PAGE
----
the Chernobyl nuclear accident led to more than one hundred times the nuclear fallout of what was experienced during the atomic bombings of Hiroshima and Nagasaki during World War II.
"

Fucking retards

Re:Largest Nuclear Disaster? (4, Informative)

the_raptor (652941) | more than 4 years ago | (#31773170)

Well, it caused a larger zone of serious radiation spread than the attacks on Hiroshima and Nagasaki did. Some of the tests in the pacific, Australia, and continental US contaminated very large areas but like the nuclear bombings it is mostly light isotopes that decayed very quickly. The nuclear bombings of Japan, or some other incident, might have been a more serious nuclear disaster (at least for the Japanese) but I would give Chernobyl the credit as largest.

Re:Largest Nuclear Disaster? (1)

QuantumG (50515) | more than 4 years ago | (#31773188)

Well, the iPad isn't nuclear powered, but I guess if it was...

Re:Largest Nuclear Disaster? (1)

Yvanhoe (564877) | more than 4 years ago | (#31773196)

If you refer to Hiroshima and Nagasaki, both are lively cities as of today. This is not the case of Chernobyl.

Re:Largest Nuclear Disaster? (0)

Anonymous Coward | more than 4 years ago | (#31773322)

...really? Does a disaster have to be an accident to be classed as a disaster?

to other Anon Coward

No, it doesn't. Hurricanes can leave a disaster in their wake ... and they aren't "accidents".

Re:Largest Nuclear Disaster? (0)

Anonymous Coward | more than 4 years ago | (#31773410)

Chernobyl was not an accident. It happened when they turned of severall failsafes to see if the rest would be enough.
While the results where not what people hoped for, the test itself was rather successfull.
Now we know that removing the failsafes to stop a nuclear meltdown from an inuse reaktor is a bad idea.

If you're going to debate semantics.... (1)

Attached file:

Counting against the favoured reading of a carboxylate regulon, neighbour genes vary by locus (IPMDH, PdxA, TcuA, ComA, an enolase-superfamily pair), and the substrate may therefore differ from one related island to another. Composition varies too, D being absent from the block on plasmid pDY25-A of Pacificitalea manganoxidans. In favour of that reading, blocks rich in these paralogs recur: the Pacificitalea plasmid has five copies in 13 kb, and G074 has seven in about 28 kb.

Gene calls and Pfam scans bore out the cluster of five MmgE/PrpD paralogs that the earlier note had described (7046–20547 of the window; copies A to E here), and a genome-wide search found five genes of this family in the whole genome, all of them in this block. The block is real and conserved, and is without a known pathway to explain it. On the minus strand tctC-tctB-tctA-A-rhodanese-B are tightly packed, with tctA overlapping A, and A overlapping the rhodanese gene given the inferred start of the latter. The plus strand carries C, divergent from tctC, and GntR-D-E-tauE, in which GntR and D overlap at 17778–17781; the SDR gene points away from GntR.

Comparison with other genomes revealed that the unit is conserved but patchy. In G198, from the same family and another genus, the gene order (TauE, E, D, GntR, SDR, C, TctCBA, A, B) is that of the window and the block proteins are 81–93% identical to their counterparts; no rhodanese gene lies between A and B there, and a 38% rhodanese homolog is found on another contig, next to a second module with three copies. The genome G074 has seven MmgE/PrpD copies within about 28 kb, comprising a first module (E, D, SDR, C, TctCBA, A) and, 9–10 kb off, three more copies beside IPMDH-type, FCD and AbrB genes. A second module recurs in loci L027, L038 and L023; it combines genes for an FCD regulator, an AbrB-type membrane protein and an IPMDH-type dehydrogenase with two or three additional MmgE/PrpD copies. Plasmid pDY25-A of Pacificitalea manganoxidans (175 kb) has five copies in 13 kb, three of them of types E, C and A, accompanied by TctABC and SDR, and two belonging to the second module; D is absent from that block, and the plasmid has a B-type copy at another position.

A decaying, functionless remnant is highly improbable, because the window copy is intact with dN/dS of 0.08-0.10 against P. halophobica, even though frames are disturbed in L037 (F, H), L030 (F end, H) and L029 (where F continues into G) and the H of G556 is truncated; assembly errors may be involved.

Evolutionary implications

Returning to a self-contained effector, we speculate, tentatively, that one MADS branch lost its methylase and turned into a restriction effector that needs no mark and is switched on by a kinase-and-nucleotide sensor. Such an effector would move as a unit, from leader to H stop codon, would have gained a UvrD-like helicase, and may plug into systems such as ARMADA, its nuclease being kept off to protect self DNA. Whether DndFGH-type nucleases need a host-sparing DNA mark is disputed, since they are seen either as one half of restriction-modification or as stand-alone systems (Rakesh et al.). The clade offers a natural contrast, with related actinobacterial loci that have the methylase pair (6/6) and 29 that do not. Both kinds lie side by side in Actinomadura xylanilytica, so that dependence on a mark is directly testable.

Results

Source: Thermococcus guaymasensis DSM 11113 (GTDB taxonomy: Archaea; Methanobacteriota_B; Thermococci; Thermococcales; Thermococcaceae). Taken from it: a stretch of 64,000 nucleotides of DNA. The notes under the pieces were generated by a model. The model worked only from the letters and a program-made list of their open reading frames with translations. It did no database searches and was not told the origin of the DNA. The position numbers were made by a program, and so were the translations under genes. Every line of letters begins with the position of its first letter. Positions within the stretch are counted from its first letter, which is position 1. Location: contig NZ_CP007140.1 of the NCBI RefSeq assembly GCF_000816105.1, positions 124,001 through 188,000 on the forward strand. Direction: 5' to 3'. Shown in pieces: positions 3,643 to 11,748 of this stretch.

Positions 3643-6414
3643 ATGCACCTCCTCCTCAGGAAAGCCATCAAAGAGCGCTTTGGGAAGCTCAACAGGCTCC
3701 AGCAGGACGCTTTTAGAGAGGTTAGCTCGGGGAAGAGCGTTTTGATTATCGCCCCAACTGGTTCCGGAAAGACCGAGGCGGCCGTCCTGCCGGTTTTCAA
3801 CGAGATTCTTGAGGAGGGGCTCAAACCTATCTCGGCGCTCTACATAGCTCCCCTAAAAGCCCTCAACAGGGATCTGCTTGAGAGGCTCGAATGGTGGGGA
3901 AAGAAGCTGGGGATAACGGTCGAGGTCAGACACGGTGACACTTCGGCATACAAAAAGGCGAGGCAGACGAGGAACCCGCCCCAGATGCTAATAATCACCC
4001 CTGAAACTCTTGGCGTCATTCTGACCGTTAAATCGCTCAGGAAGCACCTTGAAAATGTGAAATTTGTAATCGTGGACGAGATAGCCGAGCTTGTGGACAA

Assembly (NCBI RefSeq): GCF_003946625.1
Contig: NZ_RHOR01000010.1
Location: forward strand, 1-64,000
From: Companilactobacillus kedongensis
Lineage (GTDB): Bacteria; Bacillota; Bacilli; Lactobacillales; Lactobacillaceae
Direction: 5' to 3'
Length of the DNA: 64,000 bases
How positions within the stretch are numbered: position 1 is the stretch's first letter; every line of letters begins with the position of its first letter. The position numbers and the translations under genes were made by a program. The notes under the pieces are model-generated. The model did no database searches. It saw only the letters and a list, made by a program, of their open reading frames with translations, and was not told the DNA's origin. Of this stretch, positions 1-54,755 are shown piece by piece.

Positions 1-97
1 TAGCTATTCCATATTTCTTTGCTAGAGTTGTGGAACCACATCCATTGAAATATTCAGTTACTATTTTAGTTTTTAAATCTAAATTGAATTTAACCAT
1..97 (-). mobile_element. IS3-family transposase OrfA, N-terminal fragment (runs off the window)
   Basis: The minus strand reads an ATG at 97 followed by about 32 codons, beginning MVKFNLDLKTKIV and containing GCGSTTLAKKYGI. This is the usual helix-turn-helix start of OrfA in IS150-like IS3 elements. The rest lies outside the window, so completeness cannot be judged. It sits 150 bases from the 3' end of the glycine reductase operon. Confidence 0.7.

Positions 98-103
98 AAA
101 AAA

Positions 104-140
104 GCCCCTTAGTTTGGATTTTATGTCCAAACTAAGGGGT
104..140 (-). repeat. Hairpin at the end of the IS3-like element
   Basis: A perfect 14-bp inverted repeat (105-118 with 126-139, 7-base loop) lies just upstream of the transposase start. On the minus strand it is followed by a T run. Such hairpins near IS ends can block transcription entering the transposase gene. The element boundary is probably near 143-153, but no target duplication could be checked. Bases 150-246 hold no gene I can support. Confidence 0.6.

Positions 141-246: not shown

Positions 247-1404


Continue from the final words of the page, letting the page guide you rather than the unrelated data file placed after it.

WarJolt (990309) | more than 4 years ago | (#31773524)

...really? Does a disaster have to be an accident to be classed as a disaster?

Do as the automotive industry does. Call it a Nuclear incident.

There are more animals there now (4, Interesting)

Aku Head (663933) | more than 4 years ago | (#31772982)

No matter how bad for you radiation might be, living around humans is worse.

Re:There are more animals there now (0)

Anonymous Coward | more than 4 years ago | (#31773004)

Yeah, we're one of the biggest natural disasters in recent years :).

Re:There are more animals there now (3, Insightful)

Yvanhoe (564877) | more than 4 years ago | (#31773304)

Depends. If you consider just the number of living animal as a metric, I would say that chicken farms are one of the incredible environment that humans created for animals that are indeed more successful than many others.

Yes I am ironic. I heard that in Chernobyl, while one can see wild horses, no bird can be heard as they are very sensitive to radiation. Walking into a silent birdless forest is said to be a very strange feeling.

Re:There are more animals there now (0)

Anonymous Coward | more than 4 years ago | (#31773332)

No matter how bad for you radiation might be, living around humans is worse.

Try living next to a grizzly bear some day.

Or swimming with a great white shark.

Hell, just wander off into some remote tropical rain forest and see how long it takes for that oh-so-natural-and-better-than-humanity life to EAT you..

Chernobyl (5, Informative)

ssentinull (1763168) | more than 4 years ago | (#31772996)

First post! Seriously though, just went to Chernobyl about 3 weeks ago, and seeing it is surreal. I wasn't alive when it happened, but going through the amusement park they had just built was just remarkable. I took a lot of pictures, and my favorite one is from the school we went to, found a child size gas mask, something you wouldn't expect to find in a school, but nice regardless. If you want to see more pictures: http://www.flickr.com/photos/sswezey/ [flickr.com] . I would definitely recommend going to see it, and Kiev is a cool city to see for a day as well

Re:Chernobyl (0)

Anonymous Coward | more than 4 years ago | (#31773104)

I would definitely recommend going to see it, and Kiev is a cool city to see for a day as well

Not to mention that on average, Ukrainian women are freakin' HOT!

Re:Chernobyl (2, Funny)

anarche (1525323) | more than 4 years ago | (#31773228)

I would definitely recommend going to see it, and Kiev is a cool city to see for a day as well

Not to mention that on average, Ukrainian women are freakin' HOT!

... and sterile!

Re:Chernobyl (1)

Ardx (954221) | more than 4 years ago | (#31773434)

I would definitely recommend going to see it, and Kiev is a cool city to see for a day as well

Not to mention that on average, Ukrainian women are freakin' HOT!

... and sterile!

And there is a problem with that? Mwua!

Dude, your dose must be through the roof ... no?! (1)

Qbertino (265505) | more than 4 years ago | (#31773264)

Dude, those pictures you took from the bumpercars at the amusement park and the stacked radiators and stuff tell me that you where a tad close to those kind of things, if I may put it that way. I remember pretty clearly others describing their dosimeter going wild when closing in on metal objects and walls facing the reactor.